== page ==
This piece originally appeared on PR Daily in January 2015. It might shock you to hear this, but “media relations” is not synonymous with “public relations.”
The Public Relations Society of America defines public relations as “a strategic communication process that builds mutually beneficial relationships between organizations and their publics.”
Note that the words coverage, media, and pitching are not found anywhere in that definition.
If you asked a person on the street or many PR pros for a definition, however, they would surely say something about press coverage.
The PR industry wasn’t founded on getting coverage. Most versions of the profession’s history include two-way communication with the public, along with informing, educating and influencing audiences. Though many early PR practitioners used media coverage as a tactic, coverage was a means to an end. It helped them reach people.
Fast forward to present day PR. Many practitioners list media coverage as a goal. Sometimes PR plans consist entirely of coverage, including it as a tactic, strategy, goal and even an objective.
It’s the wrong way to develop and plan, but happens frequently. Why is that?
Media coverage vs. reaching audiences
Pursuing coverage has become a default for the PR industry. Does your client have a launch, announcement or any bit of interesting news? Pitching and obtaining coverage becomes the easy solution, and proves PR efforts brought value.
Though getting coverage for your employer or client is hard work, it’s become easy to rely on pitching as the basis of a PR program—and unfortunately, sometimes it becomes the entire program.
The industry’s reliance on media is an example of PR’s strategy problem. When informed of an upcoming announcement and asked for a plan to support it, most PR pros think immediately of potential people to pitch. They want the announcement to reach the maximum number of people.
Why isn’t more thought put into who actually needs to know about the announcement (potential consumers of the company’s products or services)?
Many PR pros think they’re doing this by segmenting and targeting the publications they pitch.
However, audience targeting, segmentation and prioritization is more than doing a search for an industry’s trade publications. It’s having a strong, intimate knowledge of the people who could purchase a product or service.
The press is very rarely a company’s audience, but too often PR pros look at journalists as the target rather than a vehicle for reaching a target.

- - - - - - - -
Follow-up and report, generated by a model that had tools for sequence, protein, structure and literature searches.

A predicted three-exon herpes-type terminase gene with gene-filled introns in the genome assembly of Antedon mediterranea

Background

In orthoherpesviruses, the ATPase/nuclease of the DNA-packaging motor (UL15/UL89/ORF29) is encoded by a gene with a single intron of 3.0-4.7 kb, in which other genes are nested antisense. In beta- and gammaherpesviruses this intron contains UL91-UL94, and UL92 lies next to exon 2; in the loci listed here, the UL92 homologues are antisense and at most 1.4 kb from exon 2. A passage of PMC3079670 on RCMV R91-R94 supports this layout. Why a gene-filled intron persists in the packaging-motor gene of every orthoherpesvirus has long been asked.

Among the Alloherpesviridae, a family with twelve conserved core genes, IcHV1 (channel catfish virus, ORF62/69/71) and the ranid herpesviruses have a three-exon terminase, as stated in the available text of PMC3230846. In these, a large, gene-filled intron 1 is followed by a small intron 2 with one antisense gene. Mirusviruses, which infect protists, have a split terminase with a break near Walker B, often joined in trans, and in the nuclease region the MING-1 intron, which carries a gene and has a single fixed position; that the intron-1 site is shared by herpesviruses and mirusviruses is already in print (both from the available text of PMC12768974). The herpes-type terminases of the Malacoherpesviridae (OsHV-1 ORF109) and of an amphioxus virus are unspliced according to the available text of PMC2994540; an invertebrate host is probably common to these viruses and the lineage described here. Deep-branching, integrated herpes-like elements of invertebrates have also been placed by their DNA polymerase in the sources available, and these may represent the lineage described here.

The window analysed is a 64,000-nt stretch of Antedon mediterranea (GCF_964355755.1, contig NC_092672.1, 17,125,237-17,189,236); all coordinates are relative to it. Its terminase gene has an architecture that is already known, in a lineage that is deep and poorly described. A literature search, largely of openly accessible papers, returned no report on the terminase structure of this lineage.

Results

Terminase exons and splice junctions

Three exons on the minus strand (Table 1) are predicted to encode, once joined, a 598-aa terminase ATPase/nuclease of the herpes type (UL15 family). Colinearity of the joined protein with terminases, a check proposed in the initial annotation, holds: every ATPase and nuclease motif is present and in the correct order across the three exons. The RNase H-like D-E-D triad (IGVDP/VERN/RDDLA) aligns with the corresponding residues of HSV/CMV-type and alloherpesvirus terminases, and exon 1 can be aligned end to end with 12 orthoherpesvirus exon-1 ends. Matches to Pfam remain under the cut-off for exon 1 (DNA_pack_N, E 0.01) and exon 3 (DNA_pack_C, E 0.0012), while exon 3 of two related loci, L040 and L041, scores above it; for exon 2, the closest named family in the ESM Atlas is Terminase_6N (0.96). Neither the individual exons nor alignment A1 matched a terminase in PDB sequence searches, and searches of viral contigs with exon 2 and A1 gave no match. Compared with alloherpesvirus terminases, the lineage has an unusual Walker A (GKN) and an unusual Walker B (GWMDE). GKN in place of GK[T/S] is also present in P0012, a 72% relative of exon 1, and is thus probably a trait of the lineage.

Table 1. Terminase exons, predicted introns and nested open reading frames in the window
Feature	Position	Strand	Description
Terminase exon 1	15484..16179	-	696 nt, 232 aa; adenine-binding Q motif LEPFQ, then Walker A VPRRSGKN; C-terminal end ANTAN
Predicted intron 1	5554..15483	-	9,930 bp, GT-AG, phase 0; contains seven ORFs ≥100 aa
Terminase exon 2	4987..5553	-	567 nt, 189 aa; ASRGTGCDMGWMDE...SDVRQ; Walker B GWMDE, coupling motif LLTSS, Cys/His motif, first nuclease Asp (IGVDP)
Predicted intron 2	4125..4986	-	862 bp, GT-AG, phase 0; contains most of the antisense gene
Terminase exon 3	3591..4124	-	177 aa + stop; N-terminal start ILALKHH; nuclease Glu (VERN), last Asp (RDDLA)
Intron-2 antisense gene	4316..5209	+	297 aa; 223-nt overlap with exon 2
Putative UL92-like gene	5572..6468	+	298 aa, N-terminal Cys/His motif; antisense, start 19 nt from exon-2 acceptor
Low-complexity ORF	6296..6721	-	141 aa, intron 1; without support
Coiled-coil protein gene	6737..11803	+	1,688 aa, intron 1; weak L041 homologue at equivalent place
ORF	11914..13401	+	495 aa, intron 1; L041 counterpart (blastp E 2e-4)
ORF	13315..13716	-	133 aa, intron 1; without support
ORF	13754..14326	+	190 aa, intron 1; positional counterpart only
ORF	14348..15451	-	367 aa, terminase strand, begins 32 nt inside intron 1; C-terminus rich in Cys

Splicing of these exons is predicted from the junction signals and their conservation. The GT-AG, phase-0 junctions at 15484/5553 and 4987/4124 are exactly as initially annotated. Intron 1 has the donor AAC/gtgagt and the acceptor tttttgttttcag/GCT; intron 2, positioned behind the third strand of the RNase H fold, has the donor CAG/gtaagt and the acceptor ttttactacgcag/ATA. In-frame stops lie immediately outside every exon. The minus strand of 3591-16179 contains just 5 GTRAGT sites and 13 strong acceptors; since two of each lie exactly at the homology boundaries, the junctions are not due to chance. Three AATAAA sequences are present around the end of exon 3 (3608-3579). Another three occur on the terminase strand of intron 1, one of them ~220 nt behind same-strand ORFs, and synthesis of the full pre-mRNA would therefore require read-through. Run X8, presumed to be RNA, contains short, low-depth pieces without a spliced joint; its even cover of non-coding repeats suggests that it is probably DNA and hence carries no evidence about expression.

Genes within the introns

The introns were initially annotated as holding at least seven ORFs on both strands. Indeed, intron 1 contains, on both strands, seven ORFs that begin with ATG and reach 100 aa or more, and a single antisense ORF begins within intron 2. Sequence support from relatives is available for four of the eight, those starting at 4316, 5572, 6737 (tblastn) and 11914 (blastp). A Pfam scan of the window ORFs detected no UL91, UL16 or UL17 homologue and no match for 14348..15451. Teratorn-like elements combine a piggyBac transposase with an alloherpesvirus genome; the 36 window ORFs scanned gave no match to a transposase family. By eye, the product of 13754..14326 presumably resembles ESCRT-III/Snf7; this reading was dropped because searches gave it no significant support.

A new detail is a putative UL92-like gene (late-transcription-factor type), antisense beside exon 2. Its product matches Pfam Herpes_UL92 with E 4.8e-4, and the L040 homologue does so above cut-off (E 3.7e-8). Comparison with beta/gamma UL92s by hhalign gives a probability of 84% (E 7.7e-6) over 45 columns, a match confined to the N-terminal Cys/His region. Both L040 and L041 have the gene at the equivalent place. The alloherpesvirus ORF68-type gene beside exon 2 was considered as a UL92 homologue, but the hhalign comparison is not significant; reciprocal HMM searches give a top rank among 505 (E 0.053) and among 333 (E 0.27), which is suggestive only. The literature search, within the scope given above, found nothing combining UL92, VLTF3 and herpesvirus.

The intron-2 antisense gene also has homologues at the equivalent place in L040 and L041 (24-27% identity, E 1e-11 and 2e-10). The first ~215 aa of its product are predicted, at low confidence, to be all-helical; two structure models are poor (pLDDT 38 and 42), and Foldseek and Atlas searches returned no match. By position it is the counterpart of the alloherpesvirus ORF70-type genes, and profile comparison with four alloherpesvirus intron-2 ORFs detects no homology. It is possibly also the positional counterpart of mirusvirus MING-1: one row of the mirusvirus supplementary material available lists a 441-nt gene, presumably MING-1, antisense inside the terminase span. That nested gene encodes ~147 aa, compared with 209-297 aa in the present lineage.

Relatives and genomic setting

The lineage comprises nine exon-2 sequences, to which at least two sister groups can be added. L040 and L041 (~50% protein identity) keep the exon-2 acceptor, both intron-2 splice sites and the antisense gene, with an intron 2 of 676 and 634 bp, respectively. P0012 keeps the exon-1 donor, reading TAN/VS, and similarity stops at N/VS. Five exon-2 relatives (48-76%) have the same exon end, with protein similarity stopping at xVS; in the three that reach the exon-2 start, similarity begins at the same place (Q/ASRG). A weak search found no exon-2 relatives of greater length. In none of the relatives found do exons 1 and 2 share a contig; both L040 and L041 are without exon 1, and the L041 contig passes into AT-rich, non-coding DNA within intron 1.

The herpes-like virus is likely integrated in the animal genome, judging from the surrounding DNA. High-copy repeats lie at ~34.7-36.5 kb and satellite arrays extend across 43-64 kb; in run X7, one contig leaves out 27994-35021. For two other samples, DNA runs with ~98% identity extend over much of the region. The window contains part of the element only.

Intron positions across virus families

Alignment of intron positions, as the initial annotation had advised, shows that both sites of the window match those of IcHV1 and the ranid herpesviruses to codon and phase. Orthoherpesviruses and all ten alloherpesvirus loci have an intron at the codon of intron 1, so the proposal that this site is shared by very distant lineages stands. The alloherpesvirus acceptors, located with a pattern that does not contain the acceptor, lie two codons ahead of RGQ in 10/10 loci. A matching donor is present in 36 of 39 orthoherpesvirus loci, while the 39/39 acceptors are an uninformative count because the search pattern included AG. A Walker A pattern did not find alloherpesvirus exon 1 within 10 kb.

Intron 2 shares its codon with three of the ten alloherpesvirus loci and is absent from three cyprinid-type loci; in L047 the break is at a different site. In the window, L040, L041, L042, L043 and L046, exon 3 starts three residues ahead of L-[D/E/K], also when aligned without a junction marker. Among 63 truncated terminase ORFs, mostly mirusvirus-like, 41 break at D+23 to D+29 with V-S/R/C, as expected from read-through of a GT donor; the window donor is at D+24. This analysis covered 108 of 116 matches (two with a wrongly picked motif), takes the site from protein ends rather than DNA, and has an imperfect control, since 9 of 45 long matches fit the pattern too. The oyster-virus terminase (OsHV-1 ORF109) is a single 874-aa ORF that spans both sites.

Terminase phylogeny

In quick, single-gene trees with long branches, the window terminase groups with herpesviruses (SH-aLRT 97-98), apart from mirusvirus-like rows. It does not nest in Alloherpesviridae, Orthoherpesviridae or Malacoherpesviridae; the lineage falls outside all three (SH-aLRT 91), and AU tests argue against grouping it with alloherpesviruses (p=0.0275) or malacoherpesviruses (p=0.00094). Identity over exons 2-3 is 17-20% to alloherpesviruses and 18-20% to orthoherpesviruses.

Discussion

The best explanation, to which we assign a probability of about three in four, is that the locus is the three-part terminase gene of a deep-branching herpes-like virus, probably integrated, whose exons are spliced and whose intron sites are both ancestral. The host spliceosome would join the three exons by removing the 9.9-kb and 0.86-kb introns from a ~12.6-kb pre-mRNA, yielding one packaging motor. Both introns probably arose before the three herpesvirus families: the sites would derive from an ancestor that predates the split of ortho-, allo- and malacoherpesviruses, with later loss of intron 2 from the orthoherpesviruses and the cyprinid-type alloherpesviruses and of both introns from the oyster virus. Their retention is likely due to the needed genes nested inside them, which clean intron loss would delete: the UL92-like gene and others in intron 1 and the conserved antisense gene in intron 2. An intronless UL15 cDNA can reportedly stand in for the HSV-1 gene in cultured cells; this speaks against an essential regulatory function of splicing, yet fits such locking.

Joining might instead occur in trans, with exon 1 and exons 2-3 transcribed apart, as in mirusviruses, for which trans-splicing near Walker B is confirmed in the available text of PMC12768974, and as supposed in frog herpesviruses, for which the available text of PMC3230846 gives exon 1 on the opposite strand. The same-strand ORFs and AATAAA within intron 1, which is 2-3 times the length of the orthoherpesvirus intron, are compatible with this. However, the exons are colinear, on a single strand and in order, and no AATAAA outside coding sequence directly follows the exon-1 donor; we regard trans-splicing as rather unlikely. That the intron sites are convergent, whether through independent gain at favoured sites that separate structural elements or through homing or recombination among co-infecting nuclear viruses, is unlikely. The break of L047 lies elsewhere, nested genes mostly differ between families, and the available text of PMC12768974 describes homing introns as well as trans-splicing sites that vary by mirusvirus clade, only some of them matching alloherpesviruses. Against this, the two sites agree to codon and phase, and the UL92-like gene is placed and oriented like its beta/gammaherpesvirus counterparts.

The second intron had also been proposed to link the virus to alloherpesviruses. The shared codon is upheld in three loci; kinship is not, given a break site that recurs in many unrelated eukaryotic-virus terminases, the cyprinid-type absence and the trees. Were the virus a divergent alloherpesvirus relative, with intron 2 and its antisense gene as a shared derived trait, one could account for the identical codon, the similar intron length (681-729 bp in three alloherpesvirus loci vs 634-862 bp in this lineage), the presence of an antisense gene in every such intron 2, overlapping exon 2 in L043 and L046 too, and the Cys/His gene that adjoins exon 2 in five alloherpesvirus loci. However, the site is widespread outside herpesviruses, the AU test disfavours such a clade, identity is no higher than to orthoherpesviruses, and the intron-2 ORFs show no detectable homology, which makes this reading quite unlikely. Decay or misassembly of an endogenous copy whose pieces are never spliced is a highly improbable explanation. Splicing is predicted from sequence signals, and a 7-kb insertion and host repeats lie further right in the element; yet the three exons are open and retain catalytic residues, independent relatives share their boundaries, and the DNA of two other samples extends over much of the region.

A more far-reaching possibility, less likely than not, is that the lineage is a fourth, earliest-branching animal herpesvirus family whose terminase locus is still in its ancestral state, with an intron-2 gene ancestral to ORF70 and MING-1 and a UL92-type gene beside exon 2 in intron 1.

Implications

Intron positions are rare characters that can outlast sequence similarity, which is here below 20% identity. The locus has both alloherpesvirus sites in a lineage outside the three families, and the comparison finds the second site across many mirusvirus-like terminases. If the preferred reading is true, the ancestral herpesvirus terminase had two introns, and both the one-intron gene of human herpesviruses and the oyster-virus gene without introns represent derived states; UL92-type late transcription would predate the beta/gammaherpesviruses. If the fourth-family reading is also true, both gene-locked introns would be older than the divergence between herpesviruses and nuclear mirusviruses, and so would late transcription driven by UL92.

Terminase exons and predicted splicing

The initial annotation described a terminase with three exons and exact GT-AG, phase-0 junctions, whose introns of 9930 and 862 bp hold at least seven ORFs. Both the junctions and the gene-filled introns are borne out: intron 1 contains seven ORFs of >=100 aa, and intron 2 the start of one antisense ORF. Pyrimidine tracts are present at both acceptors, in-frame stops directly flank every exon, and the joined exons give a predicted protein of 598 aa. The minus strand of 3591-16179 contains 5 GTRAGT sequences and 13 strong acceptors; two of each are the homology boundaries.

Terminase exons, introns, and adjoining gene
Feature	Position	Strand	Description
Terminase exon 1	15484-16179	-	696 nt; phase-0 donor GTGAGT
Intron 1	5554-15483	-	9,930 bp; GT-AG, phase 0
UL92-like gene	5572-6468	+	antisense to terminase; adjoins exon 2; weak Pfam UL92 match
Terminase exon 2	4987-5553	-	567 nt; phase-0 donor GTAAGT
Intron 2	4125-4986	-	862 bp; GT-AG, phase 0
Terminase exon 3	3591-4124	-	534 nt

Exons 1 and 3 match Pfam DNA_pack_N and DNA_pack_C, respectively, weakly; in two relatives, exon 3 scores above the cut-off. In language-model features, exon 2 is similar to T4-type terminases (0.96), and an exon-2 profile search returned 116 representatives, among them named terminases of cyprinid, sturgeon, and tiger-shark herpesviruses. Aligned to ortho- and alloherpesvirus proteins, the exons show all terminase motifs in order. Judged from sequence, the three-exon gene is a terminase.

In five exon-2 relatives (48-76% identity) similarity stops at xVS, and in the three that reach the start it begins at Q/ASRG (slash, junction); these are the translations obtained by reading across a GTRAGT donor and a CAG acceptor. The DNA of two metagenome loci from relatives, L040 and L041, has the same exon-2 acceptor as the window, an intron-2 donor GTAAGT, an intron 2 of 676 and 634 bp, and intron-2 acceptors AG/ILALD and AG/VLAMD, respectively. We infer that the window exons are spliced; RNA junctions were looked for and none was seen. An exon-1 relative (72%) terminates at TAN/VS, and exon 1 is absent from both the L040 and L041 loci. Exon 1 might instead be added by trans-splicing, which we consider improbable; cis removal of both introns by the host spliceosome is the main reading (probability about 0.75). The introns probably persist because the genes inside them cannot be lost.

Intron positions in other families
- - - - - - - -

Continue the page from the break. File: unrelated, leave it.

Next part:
Many PR pros are very good at media targeting. They know you can’t send blanket pitches to a long list of journalists. Pitches need to be personalized so that a journalist knows you follow them and understand their coverage interests. They take the time to get to know journalists professionally and personally.
Apply this knowledge to targeting customers.
Just as a blanket pitch sent to a journalist not covering your company’s industry is deleted, a similar thing happens when an article appears in a publication that doesn’t reach your company’s target audience. Advertising Week covers the advertising industry, but that doesn’t mean advertising professionals who could buy your product or service read it.
If coverage appears in a publication your target audience doesn’t actually read, it doesn’t count as coverage. Target the reader, not the publication or the journalist.
Imagine an executive comes to you, asking for a PR plan to support an upcoming announcement. You compile a plan that doesn’t simply rely on media coverage to carry the announcement, but instead targets your audience.
Many executives would ask, “Where’s the media plan? What’s the plan for coverage?”
PR pros might be tempted go along with the executive and add press targets, even if the announcement doesn’t need media coverage to reach the company’s audience. Though you created many ways to reach people directly, you might now have to cut these in order to meet the plan’s budget and still gain media coverage. Soon the plan is diluted, but it appeases the executive—even if it doesn’t support the company’s broader goals.
It might be easier to go along with an executive’s demands than it is to educate the executive, but ask yourself: Is getting thousands of press article views more powerful for a company than getting a large, global customer?
Though the answer depends on the company’s objectives, and even though press coverage feeds egos, an executive would probably appreciate sales much more.
The value of PR
PR pros have long known it’s hard to justify their value. In the past, the easiest way was pointing to press articles. We took on advertising metrics and touted circulation, subscribers or views to combat the ad numbers.
But that time has come and gone. We now have tools at our disposal that allow us to not just support, but drive sales. We should embrace these new methods.
The PR industry lost its creativity—and some of its business relevance—when it became too reliant on media coverage. Media is still a valuable communications tactic, but it’s just one piece of our job, one tool in our arsenal.
We must go beyond PR stereotypes and media reliance. We can solve problems, meet business objectives and both support and drive sales. We do this by embracing new communication vehicles.
It’s time for us to adapt, evolve and move forward.